Search results

You are looking at 11 - 20 of 57 items for :

  • "Costa-Gavras" x
  • Refine by access: All content x
Clear All
Abstract only
Melodramatizing the Hungarian Holocaust
R. Barton Palmer

A filmmaker with a pronounced anti-establishment sensibility, Constantin Costa-Gavras has specialized in turning out well-crafted and emotionally engaging melodramas, based on ‘real’ sources, which resonate politically. In so doing, he somewhat obliquely follows the path blazed early in the history of the commercial cinema by other directors such as Michael Curtiz, whose British Agent (1934) is based on the memoirs of British diplomat, R.H. Lockhart, who was present in Russia during the early stages of the revolution. Those momentous events are

in The films of Costa-Gavras
Mark Bould

In the early 1970s, the international success of Costa-Gavras's Z (1969) – reflected at the box office and by multiple award nominations and wins everywhere from Cannes and the Oscars to the Mystery Writers of America and the Kansas City Film Critics Circle – helped launch a cycle of political thrillers in Europe, the United States and elsewhere. It also prompted a debate about political–aesthetic strategy for radical filmmaking. 1 In 1974, Guy Hennebelle divided the existing field of broadly leftist filmmaking into three categories. Among these was

in The films of Costa-Gavras
Alison Smith

The most frequently noticed effect of the new post-1968 climate on the French cinema was a change in the nature of the thriller. In 1968 itself (and therefore unaffected in its conception by the actual events of that year) Constantin Costa-Gavras’ Z reached the screens and found an eager audience for whom it summed up the new requirements of the time. By the end of 1969, Z had achieved an audience of 700,000 in Paris, which made it one of the biggest successes of the year and indeed of the whole decade. It proved to

in French cinema in the 1970s
Ian Scott

; filmic constructions, as this chapter argues of Constantin Costa-Gavras's 1988 film, Betrayed , that could emerge from the past and talk to the present with cultural distillations even more resonant than when they were first aired. Mass shootings and targeted killings like Roof's became a sorrowful legacy of Barack Obama's presidency between 2009 and 2017. Obama addressed the nation on fourteen separate occasions in the aftermath of such shootings – six times in his final year in office – and was moved to describe the depressing predictability of it all

in The films of Costa-Gavras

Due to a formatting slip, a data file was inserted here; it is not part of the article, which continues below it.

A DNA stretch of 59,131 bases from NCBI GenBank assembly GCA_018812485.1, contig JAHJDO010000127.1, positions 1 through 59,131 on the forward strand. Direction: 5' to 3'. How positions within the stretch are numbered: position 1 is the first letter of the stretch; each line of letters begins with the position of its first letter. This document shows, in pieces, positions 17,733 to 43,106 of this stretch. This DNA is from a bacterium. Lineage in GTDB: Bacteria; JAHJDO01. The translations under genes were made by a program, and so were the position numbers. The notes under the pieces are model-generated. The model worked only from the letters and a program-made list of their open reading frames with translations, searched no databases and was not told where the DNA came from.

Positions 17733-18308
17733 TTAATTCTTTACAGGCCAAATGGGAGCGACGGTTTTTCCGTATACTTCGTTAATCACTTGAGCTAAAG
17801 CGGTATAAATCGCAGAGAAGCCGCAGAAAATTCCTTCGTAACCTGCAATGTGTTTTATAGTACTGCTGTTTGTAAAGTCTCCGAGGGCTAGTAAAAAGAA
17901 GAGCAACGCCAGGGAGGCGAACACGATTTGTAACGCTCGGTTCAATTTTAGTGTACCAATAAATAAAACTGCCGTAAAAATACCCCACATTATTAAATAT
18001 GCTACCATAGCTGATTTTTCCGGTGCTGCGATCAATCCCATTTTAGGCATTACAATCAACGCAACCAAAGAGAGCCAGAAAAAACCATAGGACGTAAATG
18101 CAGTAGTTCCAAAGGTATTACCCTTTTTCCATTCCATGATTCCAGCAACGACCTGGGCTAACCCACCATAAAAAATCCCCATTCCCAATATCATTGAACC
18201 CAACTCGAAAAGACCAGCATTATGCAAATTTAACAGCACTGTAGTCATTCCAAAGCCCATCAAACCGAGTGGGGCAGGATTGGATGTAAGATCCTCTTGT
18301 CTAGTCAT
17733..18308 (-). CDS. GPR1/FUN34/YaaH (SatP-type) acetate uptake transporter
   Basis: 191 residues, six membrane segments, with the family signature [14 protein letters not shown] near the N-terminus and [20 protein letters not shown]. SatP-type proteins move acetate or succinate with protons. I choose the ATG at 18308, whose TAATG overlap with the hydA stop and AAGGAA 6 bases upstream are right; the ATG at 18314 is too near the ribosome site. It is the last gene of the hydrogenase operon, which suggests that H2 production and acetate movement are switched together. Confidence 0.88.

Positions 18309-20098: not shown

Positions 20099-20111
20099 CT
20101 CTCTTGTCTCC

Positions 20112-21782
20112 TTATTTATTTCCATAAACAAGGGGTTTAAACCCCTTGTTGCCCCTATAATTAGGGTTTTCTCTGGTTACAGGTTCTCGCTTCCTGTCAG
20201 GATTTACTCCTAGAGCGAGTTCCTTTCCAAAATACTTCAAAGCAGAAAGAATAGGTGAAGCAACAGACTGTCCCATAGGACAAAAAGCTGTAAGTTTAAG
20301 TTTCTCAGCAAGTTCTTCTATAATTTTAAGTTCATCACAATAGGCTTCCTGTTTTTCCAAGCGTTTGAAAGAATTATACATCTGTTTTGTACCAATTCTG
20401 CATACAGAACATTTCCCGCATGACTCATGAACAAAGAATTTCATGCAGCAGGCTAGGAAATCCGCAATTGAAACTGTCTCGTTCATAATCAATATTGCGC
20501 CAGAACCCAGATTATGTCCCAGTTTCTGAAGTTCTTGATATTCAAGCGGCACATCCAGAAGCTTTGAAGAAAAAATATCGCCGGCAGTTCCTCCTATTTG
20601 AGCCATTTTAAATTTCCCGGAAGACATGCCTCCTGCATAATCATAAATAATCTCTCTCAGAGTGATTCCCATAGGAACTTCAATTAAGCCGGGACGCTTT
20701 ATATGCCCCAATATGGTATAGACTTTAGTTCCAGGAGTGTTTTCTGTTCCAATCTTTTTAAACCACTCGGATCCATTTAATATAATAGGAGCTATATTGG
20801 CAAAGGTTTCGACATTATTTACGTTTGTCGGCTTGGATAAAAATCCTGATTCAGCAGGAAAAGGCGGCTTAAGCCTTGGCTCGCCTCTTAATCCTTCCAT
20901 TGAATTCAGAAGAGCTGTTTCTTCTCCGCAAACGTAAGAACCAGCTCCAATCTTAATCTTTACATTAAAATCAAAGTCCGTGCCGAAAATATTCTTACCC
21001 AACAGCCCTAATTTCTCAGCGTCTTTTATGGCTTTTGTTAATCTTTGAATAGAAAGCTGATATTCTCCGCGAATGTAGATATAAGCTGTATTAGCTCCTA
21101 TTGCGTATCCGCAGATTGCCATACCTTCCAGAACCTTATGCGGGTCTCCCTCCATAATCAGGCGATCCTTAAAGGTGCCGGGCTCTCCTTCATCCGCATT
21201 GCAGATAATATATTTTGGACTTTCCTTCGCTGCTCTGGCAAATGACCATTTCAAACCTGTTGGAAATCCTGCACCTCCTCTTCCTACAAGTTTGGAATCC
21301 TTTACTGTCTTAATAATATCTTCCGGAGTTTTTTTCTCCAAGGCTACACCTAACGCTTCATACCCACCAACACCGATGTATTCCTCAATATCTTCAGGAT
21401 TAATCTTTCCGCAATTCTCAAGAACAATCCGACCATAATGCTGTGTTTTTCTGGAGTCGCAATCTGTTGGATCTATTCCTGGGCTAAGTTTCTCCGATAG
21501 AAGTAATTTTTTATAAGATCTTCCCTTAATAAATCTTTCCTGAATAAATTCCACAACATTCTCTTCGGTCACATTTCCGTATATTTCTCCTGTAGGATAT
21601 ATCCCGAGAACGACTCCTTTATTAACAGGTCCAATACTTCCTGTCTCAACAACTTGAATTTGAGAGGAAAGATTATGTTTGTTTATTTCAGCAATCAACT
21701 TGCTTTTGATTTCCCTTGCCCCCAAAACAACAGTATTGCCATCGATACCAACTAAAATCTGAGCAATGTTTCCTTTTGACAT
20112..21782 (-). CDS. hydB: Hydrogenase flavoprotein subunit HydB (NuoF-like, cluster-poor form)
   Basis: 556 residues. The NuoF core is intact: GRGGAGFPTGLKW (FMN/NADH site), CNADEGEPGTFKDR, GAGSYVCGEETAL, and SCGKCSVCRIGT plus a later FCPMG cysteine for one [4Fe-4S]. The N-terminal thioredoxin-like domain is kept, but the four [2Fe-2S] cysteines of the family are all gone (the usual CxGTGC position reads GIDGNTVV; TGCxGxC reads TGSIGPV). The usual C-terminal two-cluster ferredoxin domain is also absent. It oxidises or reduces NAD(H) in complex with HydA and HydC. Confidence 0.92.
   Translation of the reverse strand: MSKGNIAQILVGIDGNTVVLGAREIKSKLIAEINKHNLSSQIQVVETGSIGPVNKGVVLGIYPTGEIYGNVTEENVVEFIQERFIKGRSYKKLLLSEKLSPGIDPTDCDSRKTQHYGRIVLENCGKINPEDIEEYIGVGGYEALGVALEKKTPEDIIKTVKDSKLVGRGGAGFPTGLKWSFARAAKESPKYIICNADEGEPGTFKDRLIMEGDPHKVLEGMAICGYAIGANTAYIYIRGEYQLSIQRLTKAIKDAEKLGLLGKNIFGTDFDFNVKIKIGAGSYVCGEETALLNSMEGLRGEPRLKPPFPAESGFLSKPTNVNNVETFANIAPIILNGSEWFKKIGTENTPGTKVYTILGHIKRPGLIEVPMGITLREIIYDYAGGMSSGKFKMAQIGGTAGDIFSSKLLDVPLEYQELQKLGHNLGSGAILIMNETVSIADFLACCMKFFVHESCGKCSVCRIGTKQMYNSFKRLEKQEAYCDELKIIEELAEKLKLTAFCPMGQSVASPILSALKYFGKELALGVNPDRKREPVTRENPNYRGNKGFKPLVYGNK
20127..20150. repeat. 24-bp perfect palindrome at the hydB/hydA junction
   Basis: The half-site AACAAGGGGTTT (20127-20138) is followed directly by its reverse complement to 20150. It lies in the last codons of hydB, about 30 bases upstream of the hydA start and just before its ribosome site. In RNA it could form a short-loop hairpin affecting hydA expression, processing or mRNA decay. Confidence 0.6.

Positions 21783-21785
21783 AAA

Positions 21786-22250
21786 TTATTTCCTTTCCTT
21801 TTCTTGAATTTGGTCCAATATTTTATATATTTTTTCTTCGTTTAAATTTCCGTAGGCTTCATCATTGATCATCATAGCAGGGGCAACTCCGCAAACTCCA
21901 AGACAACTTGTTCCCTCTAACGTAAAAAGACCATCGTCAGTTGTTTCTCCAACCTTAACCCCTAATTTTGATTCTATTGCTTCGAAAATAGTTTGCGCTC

Emma Wilson

film projects, eating cheap food in China Town – he would go on to make Stavisky , a film which again confounded critics but found popular success. Linking La Guerre est finie and Stavisky is the work of screenwriter and novelist Jorge Semprun, who, after working on the first film with Resnais and going on to work with Costa Gavras, returned to Resnais. Semprun has spoken of his pleasure in working with Resnais

in Alain Resnais
Abstract only
Will Higbee

) 5 Mathieu Kassovitz (Albert Dehousse) in Un héros très discret (Audiard, 1996) 6 Mathieu Kassovitz (Riccardo Fontana) in Amen (Costa-Gavras, 2002)

in Mathieu Kassovitz
Barry Jordan

Amenábar has never seriously thought of himself as a political filmmaker, in the manner of a Costa Gavras or a Ken Loach. Indeed, in the 1990s, he tended to avoid the label whenever journalists or academics posed the question (Interview). Among university friends and colleagues he was always regarded as something of a ‘facha’ (right-wing, conservative), largely because he was rather shy, often

in Alejandro Amenábar
Border-crossing odyssey and comedy
Isolina Ballesteros

oceans and seas of uniforms, looking for a home. Elias's story is not that of Ulysses, nor is it Jean-Claude's or mine. But I see myself in Elias, a foreigner who is not foreign to me. Costa-Gavras 1 Political cinema, immigration cinema When asked by the French journal Cinéaste in 2007 (on the occasion of the journal's 40th anniversary) to express his thoughts on the prospects of political – or ‘politically oppositional’ – cinema, Costa-Gavras responded that ‘cinema, politically oppositional or not, is politics’. A movie is political

in The films of Costa-Gavras
Abstract only
Will Higbee

, including two César nominations for Métisse (Kassovitz, 1993) and Amen (Costa-Gavras, 2002) and one award for his performances in Regarde les hommes tomber (Audiard, 1994) as well as enjoying box-office success as the male-lead in Le Fabuleux destin d’Amélie Poulain (Jeunet, 2001). In both France and abroad, Kassovitz has therefore made a considerable impact as director

in Mathieu Kassovitz
Abstract only
The actor/auteur
Will Higbee

identified as an actor of considerable talent with, potentially, a significant screen career ahead of him. Moreover, as he progressed to more prominent roles in films such as Un Héros très discret (Audiard, 1996), Le Fabuleux destin d’Amélie Poulain (Jeuent, 2001) and Amen (Costa-Gavras, 2002), Kassovitz’s rising celebrity profile (as both director and actor) and obvious onscreen charisma even

in Mathieu Kassovitz